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Asteroids Change Colour With Age.
A team of Astronomers led by the University of Hawaii's Institute for astronomy have found evidence that asteroids change colour as they get older. The team used data from the Sloan Digital Sky Survey (SDSS), which has accurate colour measurements on 100,000 asteroids. They found that asteroids turn redder over time because of the constant bombardment of radiation from the Sun and cosmic rays. With more research, Astronomers should soon be able to judge the age of an asteroid just by its colour.
In an article published today in the journal Nature, a team led by Robert Jedicke of the University of Hawaii’s Institute for astronomy provides convincing evidence that asteroids change color as they age.
David Nesvorny, a team member from the Southwest Research Institute in Boulder, CO, used a variety of methods to estimate asteroid ages that range from 6 million up to 3 billion years. Accurate color measurements for over 100,000 asteroids were obtained by the Sloan Digital Sky Survey (SDSS), and catalogued by team members Zeljko Ivezic from the University of Washington and Mario Juric from Princeton University.
Robert Whiteley, a team member from the USAF Space and Missile Systems Center in Los Angeles, points out that "the age-color correlation we found explains a long-standing discrepancy between the colors of the most numerous meteorites known as ordinary chondrites (OC) and their presumed asteroid progenitors." meteorites are chips of asteroids and comets that have fallen to Earth’s surface.
According to Jedicke, "If you were given a piece of rock from the Grand Canyon, you might expect that it would be red, like the colorful pictures in travel magazines. You’d be forgiven for questioning its origin if the rock had a bluish color. But if you were then told that the rocks turn from blue to Grand Canyon red because of the effects of weather, then everything might make sense. Your gift is simply a fresh piece of exposed rock, whereas the pictures you’ve seen show weathered cliff faces millions of years old."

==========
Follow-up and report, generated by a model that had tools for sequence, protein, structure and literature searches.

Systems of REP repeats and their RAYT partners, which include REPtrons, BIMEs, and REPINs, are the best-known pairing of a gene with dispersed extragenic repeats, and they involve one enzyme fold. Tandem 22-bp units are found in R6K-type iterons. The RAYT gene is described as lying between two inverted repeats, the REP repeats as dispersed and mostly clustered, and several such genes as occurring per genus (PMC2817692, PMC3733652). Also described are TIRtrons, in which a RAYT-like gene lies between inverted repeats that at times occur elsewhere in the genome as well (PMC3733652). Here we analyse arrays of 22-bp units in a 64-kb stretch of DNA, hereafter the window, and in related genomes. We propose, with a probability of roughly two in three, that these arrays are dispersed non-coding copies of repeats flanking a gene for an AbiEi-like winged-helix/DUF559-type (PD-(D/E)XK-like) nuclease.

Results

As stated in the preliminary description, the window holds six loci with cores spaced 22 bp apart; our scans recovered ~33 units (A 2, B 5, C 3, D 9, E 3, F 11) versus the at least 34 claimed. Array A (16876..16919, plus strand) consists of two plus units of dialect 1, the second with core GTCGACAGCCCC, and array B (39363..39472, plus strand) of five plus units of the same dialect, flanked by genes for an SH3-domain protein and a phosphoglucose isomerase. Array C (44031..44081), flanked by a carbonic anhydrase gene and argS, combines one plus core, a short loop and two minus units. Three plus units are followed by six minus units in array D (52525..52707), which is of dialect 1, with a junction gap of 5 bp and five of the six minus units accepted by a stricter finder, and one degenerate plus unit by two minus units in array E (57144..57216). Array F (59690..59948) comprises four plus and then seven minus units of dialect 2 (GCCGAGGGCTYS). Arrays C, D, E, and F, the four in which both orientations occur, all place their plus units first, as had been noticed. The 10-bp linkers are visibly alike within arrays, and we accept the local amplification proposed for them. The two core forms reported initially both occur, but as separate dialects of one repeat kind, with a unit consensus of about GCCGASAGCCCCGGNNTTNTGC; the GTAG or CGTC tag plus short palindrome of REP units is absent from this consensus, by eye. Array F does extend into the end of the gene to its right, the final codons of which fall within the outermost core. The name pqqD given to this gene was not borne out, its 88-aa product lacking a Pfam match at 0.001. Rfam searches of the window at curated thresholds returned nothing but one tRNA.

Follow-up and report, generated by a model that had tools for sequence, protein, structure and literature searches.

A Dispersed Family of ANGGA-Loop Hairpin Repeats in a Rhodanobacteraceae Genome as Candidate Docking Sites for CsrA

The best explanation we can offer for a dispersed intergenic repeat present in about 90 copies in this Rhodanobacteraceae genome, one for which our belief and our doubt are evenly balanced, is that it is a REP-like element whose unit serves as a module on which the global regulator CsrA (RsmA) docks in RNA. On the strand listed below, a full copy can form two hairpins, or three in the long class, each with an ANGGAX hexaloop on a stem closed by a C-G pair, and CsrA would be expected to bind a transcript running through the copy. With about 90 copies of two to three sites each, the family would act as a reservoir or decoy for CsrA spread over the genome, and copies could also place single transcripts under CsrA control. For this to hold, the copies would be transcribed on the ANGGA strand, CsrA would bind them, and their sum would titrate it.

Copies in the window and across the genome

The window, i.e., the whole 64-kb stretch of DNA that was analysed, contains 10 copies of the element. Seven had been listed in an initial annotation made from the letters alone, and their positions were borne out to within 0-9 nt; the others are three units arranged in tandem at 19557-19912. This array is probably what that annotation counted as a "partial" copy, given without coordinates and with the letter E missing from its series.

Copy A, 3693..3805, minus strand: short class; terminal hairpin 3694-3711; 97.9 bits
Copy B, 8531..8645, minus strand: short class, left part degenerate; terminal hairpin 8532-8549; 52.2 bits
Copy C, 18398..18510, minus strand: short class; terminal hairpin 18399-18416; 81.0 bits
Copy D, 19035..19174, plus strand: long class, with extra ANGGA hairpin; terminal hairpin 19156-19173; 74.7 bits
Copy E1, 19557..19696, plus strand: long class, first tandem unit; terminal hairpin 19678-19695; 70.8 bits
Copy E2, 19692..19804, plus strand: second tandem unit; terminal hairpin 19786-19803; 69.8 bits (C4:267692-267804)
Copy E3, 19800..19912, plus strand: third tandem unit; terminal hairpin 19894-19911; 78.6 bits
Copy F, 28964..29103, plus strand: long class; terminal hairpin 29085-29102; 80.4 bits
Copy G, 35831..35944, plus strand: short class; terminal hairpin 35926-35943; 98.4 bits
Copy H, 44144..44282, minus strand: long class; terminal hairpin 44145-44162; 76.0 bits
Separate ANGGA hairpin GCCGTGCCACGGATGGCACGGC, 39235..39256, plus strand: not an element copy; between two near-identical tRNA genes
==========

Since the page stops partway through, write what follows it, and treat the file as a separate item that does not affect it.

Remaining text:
Nesvorny explains that this is similar to the situation experienced by asteroid astronomers. "The meteorites are gifts of the solar system to scientists on Earth-pieces of asteroids delivered to their own backyard. The mystery is that the OC meteorites have a bluish color relative to the reddish color of the asteroids from which they were supposedly released." Jedicke asks, "How could they possibly be related?"
About thirty years ago, a "space weathering" effect was proposed to explain the color change. Meteorites, whose surface is affected by their fall through Earth’s atmosphere, are usually studied in laboratories by observing their freshly cut and exposed interiors. Billions of years of exposure of the same material on the surface of an asteroid to solar and cosmic radiation and the heating effect of impacts of tiny asteroids might alter the surface color of asteroids in exactly the manner required to match the color of asteroids.
Jedicke said that they found that "asteroids get more red with time in exactly the right manner and at the right rate to explain the mystery of the color difference between them and OC meteorites." He added, "Even though we have found a link between the two types of objects, we still don’t know what causes space weathering."
Once these researchers refine their analysis by obtaining more colors of the youngest-known asteroid surfaces, it will be possible to determine the age of any asteroid from its surface color. They are currently searching for a space weathering effect on other types of asteroids in the solar system.
The Institute for astronomy at the University of Hawaii conducts research into galaxies, cosmology, stars, planets, and the sun. Its faculty and staff are also involved in astronomy education, deep space missions, and in the development and management of the observatories on Haleakala and Mauna Kea. Refer to http://www.ifa.hawaii.edu/ for more information about the Institute.
Funding for the creation and distribution of the SDSS Archive has been provided by the Alfred P. Sloan Foundation, the Participating Institutions, the National Aeronautics and Space Administration, the National Science Foundation, the U.S. Department of Energy, the Japanese Monbukagakusho, and the Max Planck Society. The SDSS Web site is http://www.sdss.org/.
The SDSS is managed by the Astrophysical Research Consortium (ARC) for the Participating Institutions. The Participating Institutions are The University of Chicago, Fermilab, the Institute for Advanced Study, the Japan Participation Group, The Johns Hopkins University, Los Alamos National Laboratory, the Max-Planck-Institute for astronomy (MPIA), the Max-Planck-Institute for Astrophysics (MPA), New Mexico State University, University of Pittsburgh, Princeton University, the United States Naval Observatory, and the University of Washington.
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